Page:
Loading ...
Sorry, an error occurred while loading the content.
 

Re: [mythsoc] Re: Seattle stinks

Expand Messages
  • Stolzi@aol.com
    In a message dated 3/1/2003 12:44:44 PM Central Standard Time, ... Sounds like the Big Dig in Boston - how long has =that= been going on? But I m afraid
    Message 1 of 11 , Mar 1, 2003
      In a message dated 3/1/2003 12:44:44 PM Central Standard Time,
      thiophene@... writes:


      > This boondoggle going to cost billions, disrupt downtown
      > traffic for years,

      Sounds like the "Big Dig" in Boston - how long has =that= been going on?

      But I'm afraid we're straying offtopic, unless one could consider these as
      boondoggles of, ahem, MYTHIC proportions :)

      Diamond Proudbrook



      [Non-text portions of this message have been removed]
    • David S Bratman
      ... I can think of a few as good, including some that don t require one to be in a moving car to enjoy them. Some of these also are not themselves unsightly.
      Message 2 of 11 , Mar 1, 2003
        At 10:37 AM 3/1/2003 -0800, Ernest wrote:

        >Also, there's no better view of Seattle to be had than from the
        >northbound deck of the Viaduct.

        I can think of a few as good, including some that don't require one to be
        in a moving car to enjoy them. Some of these also are not themselves
        unsightly. Duwamish Head, just to name one. Ever been out
        there? Unfortunately much of its view of Seattle is blocked by ... the
        Viaduct.


        > Yes, the Viaduct is old and liable to
        >earthquake damage, but why not simply _repair_ it? That must be cheaper
        >than the ludicrous notion of wrecking it and replacing it with a tunnel
        >_under_ Alaskan Way, a notion that puts the lie to all of the developers'
        >fits over the Viaduct's unsafety: it's all fill under Alaskan Way, and a
        >tunnel through it isn't going to be any more earthquake-safe than the top of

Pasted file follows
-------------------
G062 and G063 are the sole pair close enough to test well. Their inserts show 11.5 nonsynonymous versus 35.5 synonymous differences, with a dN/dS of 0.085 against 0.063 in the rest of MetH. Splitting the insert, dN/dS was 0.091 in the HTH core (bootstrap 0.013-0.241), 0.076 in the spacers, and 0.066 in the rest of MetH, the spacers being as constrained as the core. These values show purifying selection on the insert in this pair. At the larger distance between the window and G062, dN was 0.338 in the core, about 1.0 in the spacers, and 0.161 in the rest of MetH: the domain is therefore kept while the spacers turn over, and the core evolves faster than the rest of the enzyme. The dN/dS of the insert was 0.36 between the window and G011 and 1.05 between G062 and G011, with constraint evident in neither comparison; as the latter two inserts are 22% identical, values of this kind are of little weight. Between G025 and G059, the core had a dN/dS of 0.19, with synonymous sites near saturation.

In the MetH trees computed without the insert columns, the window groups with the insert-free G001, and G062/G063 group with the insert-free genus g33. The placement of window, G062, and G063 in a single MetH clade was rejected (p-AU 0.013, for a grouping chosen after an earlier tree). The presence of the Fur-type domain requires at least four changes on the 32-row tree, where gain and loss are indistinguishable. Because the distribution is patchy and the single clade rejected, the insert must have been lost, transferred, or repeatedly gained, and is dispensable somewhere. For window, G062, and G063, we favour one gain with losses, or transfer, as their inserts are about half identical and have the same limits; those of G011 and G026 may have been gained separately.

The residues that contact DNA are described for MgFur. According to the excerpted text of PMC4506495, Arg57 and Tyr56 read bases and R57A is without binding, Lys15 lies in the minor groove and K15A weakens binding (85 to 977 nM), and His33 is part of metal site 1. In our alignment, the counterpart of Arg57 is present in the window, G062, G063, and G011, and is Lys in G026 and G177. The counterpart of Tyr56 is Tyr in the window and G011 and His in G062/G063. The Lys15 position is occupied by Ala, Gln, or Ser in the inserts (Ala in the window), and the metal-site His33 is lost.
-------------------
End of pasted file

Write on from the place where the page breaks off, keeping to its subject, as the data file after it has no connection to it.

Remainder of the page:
>the Viaduct.

        That depends entirely on how the tunnel is built. It's not the ground that
        makes construction earthquake-unsafe, it's how you build in that
        ground. The Viaduct is not in disrepair in some way that could be fixed
        for less money than building something new: it is unsafe in original
        construction down to its foundations. This was already well-known when I
        was living there, 20 years ago, and it's long past time to do something
        about it. It couldn't be "repaired" without tearing it down to those
        foundations and rebuilding it from scratch. Which is what they're going to
        do, only the new version will be less unsightly.

        I love it when ignorant amateurs complain that the professionals don't know
        what they're doing.

        - David Bratman
      • Jane Bigelow
        ... Sounds like the Big Dig in Boston - how long has =that= been going on? But I m afraid we re straying offtopic, unless one could consider these as
        Message 3 of 11 , Mar 1, 2003
          > This boondoggle going to cost billions, disrupt downtown
          > traffic for years,

          Sounds like the "Big Dig" in Boston - how long has =that= been going on?

          But I'm afraid we're straying offtopic, unless one could consider these as
          boondoggles of, ahem, MYTHIC proportions :)

          Diamond Proudbrook

          Ernest and Mary,

          Well, we could try to imagine Tolkien's reaction to these boondoggles.
          Would the fact that in San Francisco and Seattle people are actually